'Deadfall': A cold pleasure
By Kat Murphy, Special to MSN Movies
"Deadfall" is a nifty little noir thriller that showcases solid acting and potent action, all within strikingly visualized winterscapes and interiors. Director Stefan Ruzowitzky ("The Counterfeiters") gets that when you transplant noir from rain-slicked urban streets to lonely northern snowfields, the change of venue often adds a special frisson to this stylized genre. (Shane Hurlbut's moody cinematography doesn't hurt.) Dark and dirty doings leave particularly lurid stains in all that rural whiteness -- isn't white supposed to be the color of innocence? -- while snowfall, heavy and silent, deliciously muffles betrayal that ends in murder.
"Deadfall" shares this cold climate with Sam Raimi's "A Simple Plan" but avoids that film's ironic glee at the sight of greedy rubes going from bad to worse as they follow noir's typically downhill trajectory. Ruzowitzky, in this old-fashioned hybrid of Western and noir, grants his characters room for respect, whether they're rising above or sinking deeper into their existential deadfalls.
At the start, a lone car approaches along a snow-covered road bordered by
dark forest, its golden headlights warming the blue-white dimness. Inside, three
fugitives from a big casino heist -- siblings Addison and Liza (Eric Bana and Olivia Wilde) and an expendable
driver -- are heated up over their successful getaway. Addison's jazzed enough
to wax nostalgic, recalling the old family farm back in Alabama: "What would
home look like?" He should know that, in noir world, feeling safe and happy
makes you an instant target. In shockingly short order, the gang's out in the
cold, and splashes of scarlet puddle pristine snow.
Bad dads and damaged kids abound in "Deadfall." Changing clothes in the woods, Addison casts a most unbrotherly eye at Liza's bared leg, while she croons seductively, "I'm your little girl." The macho sheriff (Treat Williams, one-note) pursuing the fugitives treats his trooper daughter (an excellent Kate Mara) like dirt, while doting on her fellow deputies, his "boys." A prodigal son ("Sons of Anarchy"'s Charlie Hunnam) just out of prison heads home, uncertain of a welcome from his unforgiving father (Kris Kristofferson). Trust that all paths will cross, for good and ill.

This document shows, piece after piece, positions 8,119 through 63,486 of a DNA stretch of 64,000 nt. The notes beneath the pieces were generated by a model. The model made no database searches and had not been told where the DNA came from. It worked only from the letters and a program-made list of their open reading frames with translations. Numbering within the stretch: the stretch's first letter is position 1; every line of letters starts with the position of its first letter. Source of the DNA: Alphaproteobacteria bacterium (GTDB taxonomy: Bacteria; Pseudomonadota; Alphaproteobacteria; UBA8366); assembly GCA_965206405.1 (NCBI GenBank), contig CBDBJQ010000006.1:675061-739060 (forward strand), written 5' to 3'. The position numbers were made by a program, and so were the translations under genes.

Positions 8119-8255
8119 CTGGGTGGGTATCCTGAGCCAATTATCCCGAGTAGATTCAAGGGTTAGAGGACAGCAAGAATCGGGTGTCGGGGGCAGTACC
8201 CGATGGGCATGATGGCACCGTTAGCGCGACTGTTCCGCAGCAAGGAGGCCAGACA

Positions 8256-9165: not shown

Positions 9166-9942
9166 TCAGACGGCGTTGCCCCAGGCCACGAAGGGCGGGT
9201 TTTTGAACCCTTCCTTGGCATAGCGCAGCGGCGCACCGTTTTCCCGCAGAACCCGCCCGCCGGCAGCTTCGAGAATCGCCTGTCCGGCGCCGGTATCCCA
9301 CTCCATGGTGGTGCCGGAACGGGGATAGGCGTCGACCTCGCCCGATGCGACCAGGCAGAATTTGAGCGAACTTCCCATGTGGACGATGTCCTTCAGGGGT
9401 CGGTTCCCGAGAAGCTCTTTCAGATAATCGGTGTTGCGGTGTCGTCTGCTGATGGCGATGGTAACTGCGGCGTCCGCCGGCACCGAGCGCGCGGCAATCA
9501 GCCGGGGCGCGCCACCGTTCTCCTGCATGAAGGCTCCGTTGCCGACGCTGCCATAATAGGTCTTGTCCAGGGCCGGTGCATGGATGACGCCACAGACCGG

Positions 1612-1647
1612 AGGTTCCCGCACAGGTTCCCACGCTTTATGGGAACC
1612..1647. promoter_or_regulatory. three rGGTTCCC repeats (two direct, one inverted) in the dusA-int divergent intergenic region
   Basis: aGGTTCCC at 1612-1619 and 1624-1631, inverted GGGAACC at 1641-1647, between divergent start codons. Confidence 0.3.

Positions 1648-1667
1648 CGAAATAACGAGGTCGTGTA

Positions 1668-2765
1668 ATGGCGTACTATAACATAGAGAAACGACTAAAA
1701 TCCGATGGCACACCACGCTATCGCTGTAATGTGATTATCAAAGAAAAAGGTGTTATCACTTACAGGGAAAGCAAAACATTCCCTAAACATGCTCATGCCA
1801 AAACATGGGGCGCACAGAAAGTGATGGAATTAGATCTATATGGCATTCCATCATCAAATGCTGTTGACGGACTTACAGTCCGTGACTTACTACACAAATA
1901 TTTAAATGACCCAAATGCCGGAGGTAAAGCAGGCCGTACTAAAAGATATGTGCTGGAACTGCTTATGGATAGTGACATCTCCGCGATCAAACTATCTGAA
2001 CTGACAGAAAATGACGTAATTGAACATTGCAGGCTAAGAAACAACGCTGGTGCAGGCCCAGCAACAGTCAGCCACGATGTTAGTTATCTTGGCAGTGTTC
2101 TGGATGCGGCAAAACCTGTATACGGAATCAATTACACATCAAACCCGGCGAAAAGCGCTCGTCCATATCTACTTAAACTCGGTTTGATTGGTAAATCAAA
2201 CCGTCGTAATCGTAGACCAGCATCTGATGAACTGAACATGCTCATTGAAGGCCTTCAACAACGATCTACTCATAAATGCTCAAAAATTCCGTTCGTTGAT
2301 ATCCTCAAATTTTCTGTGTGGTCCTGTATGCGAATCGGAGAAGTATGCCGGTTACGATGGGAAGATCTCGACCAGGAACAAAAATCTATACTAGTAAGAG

As Addison, Eric Bana's a super-cool crazy. He wears a handsome mask of down-home Southern gentility, thin cover for the primal violence within. Stumbling on a cabin deep in the woods, warm light spilling out its open door, he's just in time to witness a brutal paterfamilias drive his wife and kids out into the snow. An old hand at patricide, Addison's soon denned up with what's left of the family, making peanut butter sandwiches for a grave little girl, stuffing a wad of cash in the sick mom's purse. "Think of me as an angel," he soothes the wary child -- but something broken and dead and dangerous infects that sugar-daddy act.
As an actress, Wilde's no great shakes, but the slutty slash of her carmined lips looks like a bloody wound in these whited-out environs. Small wonder: The man who made her was a "monster," and the too-loving brother who saved her is a stone killer. Easily hooking Hunnam, fresh from prison and already in flight from a nasty scrap back in Detroit, little sister gets hooked in turn, seduced by a kindred soul hungry for connection. When the couple come in out of the cold, to slow-dance body to body in a dimly lit bar, they begin to look whole.
In urban noir, every fractured setting and shadow reflects the psyche's dark, deracinated state. "Deadfall"'s wilderness of blinding snow and zero at the bone makes it imperative to get inside, to find actual and emotional shelter -- or die. Every one of the film's outlaws and pilgrims is irresistibly drawn to the clean, well-lighted place where Norman Rockwell parents (Sissy Spacek and Kristofferson, flawless) serve Thanksgiving goose and pumpkin pie. "Deadfall" deftly transforms the climactic moments of this winter's tale into a perverse portrait of the traditional dysfunctional family dinner -- therapeutic for some, devastating for others. It's a beautiful thing.
Kat Murphy once had the pleasure of writing a book-length comparison of
Howard Hawks and Ernest Hemingway, friends and fellow travelers in fiction
(Quentin Tarantino reckoned it "cool."). She's reviewed movies in newspapers and
magazines (Movietone News, Film Comment, Village Voice, Film West, Steadycam)
and on websites (Reel.com, Cinemania.com, Amazon.com). Her writing has been
included in book anthologies ("Women and Cinema," "The Myth of the West," "Best
American Movie Writing 1998"). During her checkered career, Kat's done
everything from writing speeches for Bill Clinton, Jack Lemmon, Harrison Ford,
et al., to researching torture-porn movies for a law firm. She adores Bigelow,
Breillat and Denis -- and arguing about movies in any and all